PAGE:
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Album Review: I Don’t Think I Can Do This Anymore by Moose Blood

Canterbury quartet Moose Blood release their third album I Don’t Think I Can Do This Anymore on 9th March via Hopeless Records. Building upon the foundation set down on 2014’s debut full-length I’ll Keep You In Mind, From Time To Time and feeding off the breakout success of 2016’s Blush, this is the quintessential Moose Blood album – marrying Midwestern emo with a stoic Britishness in a instantaneous and immediate album.

As you’d come to expect from the band, this an album about growing up and dealing with the tribulations of being a young adult. This time it goes a little deeper, “We’re incredibly grateful to be in this band,” offers ever self-effacing frontman Brewerton, “but there are some aspects of this journey that have been really hard. Especially being away from home so much, for me it got me to a point where I was questioning if I still wanted to be in Moose Blood at all. I think we all were really, and that’s where the title of the record comes from.”

So, it’s a more emotional album, but at what stage does it all get a little tiresome? When Brewerton describes the album as “really us trying to work through some of what has happened in our lives as a result of doing this band full time” it doesn’t exactly make the heart bleed. Why break a formula that’s given you success though? It clearly works for Moose Blood and you may as well play to your strengths.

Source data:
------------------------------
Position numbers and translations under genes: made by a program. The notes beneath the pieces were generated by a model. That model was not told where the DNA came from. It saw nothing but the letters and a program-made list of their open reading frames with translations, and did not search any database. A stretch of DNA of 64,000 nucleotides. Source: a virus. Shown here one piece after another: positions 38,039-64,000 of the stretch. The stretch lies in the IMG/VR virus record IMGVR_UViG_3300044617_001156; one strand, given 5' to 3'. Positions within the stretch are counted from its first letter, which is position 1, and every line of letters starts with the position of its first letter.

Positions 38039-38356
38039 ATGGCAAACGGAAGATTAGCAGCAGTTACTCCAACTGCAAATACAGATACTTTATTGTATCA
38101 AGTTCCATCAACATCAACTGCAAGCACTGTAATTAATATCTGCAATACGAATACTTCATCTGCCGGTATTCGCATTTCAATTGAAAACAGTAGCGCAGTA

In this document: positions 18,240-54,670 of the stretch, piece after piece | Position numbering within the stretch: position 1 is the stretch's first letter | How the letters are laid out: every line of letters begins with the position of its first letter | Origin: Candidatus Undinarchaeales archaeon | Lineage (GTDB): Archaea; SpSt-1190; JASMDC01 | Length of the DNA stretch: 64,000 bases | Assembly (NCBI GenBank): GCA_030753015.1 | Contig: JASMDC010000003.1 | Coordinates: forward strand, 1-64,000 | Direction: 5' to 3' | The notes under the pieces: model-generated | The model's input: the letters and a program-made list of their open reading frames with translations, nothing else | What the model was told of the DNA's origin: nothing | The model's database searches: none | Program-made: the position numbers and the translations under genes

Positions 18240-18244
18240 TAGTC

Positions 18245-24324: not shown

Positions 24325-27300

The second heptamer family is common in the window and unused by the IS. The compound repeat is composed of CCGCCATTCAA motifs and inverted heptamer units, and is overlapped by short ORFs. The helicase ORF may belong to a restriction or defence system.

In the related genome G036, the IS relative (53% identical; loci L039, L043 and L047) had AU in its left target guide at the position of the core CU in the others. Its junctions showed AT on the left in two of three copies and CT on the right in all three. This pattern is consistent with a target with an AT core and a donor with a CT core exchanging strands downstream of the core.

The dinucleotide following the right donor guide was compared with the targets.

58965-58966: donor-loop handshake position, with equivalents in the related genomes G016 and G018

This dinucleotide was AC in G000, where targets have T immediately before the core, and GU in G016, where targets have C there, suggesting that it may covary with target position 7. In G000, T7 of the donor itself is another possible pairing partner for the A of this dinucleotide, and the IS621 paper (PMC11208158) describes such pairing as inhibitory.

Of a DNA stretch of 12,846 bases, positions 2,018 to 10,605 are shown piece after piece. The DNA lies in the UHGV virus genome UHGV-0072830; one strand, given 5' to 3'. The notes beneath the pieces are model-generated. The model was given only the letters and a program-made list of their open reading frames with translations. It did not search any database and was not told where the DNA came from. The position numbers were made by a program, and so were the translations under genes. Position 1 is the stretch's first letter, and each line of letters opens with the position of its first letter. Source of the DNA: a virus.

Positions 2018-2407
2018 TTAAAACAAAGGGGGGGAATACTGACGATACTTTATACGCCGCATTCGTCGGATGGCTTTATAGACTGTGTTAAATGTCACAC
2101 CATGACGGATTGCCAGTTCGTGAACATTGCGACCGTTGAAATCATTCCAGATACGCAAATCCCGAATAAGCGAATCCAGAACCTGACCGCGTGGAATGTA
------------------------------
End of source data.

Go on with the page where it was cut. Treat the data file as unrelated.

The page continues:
That’s the problem with I Don’t Think I Can Do This Anymore, it’s the record of a band playing within themselves and not striving for something better or bigger. It’s safe and unchallenging. Crucially, emo has got to be relatable and when you’re singing about a relationship breakdown from the perspective of an absent, on the road partner (on lead single ‘Talk In Your Sleep’) you’ve ended up with negativity about what your listeners aspire to/idolise.

With all that taken into account you still wouldn’t consider this to be a weak album. The songs are decent, if a little forgettable, and hit the hallmarks of being immediately listenable and being catchy enough to grab your attention. Moose Blood have created an album that will appease their loyal fanbase and be inoffensive enough to get some radio play. It’s listenable and enjoyable, but not an album that leaves a lasting impression. You’ve got to think they’ve missed a trick here.

AD Rating 5.5/10

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